Both Council School and Academy outcomes remain well below the national average at 67% and 60% of those inspected Good or Outstanding, way below national averages. However, with six of the sixteen schools inspected improving, against just two declining, there is some improvement, but from the very low baseline set by the Local Authority when it was responsible for all schools.

Individual Medway Schools
Notable performances before Easter are in my previous article.
 
Cuxton Community Junior School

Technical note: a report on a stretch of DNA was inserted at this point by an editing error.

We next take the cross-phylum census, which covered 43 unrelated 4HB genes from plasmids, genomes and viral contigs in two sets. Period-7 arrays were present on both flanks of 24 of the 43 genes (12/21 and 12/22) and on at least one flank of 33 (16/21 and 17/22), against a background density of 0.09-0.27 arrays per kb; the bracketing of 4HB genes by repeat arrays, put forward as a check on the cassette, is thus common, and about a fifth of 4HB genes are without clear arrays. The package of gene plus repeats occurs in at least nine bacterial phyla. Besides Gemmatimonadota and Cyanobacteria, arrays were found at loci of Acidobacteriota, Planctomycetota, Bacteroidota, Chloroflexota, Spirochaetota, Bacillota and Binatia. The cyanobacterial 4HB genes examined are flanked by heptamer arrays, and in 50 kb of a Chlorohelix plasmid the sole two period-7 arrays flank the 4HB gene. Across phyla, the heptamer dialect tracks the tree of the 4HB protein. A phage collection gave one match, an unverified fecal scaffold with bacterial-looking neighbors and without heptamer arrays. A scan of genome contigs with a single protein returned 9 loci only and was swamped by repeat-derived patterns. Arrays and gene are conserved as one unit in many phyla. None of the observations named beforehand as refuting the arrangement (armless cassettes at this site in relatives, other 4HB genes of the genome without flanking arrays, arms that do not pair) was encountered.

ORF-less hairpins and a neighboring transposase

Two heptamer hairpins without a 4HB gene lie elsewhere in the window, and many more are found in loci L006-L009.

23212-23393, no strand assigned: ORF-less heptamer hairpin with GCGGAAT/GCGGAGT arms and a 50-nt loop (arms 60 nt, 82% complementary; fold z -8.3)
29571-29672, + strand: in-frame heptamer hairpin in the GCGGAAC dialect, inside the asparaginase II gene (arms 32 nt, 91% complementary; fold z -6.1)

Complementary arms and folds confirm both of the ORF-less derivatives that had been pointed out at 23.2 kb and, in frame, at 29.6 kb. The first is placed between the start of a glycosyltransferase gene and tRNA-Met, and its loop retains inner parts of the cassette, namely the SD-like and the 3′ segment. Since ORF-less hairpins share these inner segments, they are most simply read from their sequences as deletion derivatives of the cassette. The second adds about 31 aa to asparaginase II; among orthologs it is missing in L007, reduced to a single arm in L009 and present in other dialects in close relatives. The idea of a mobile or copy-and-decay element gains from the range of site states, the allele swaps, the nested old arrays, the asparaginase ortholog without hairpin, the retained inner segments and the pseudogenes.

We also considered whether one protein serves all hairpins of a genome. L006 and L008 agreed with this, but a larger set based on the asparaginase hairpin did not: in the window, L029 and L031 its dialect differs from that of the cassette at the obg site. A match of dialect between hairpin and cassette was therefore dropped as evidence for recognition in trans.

The school, now sponsored by The Primary First Trust, was placed in Special Measures whilst under Council control in 2013 failing on all four counts., but was found Good by Ofsted in June 2017. In the interim, a Monitoring Inspection of the school in December 2013, formed part of an article by me of a series of failures by the Authority, in which I commented: ‘The local authority’s statement of action is not fit for purpose. The school’s improvement plan is not fit for purpose’ is one that rarely appears so baldly in such Reports, given that the after an Ofsted failure, a Local Authority should be focusing all its attentions on improving the school'. The school was academised in September 2014, surely a relief to the dwindling number of families who could not avoid the school. There is no doubt that the removal of Medway Council has improved the school dramatically, with this glowing Report coming close to Outstanding, with just one minor criticism. OFSTED notes about Primary First: ‘The academy trust is highly effective and provides just the right level of support and challenge to school leaders. The trust’s officers rightly recognise the strength in leadership and provide bespoke support and training to develop leaders further’.  A sharp contrast to the efforts of the Council and some of the other Trusts operating in Medway, who appear little better!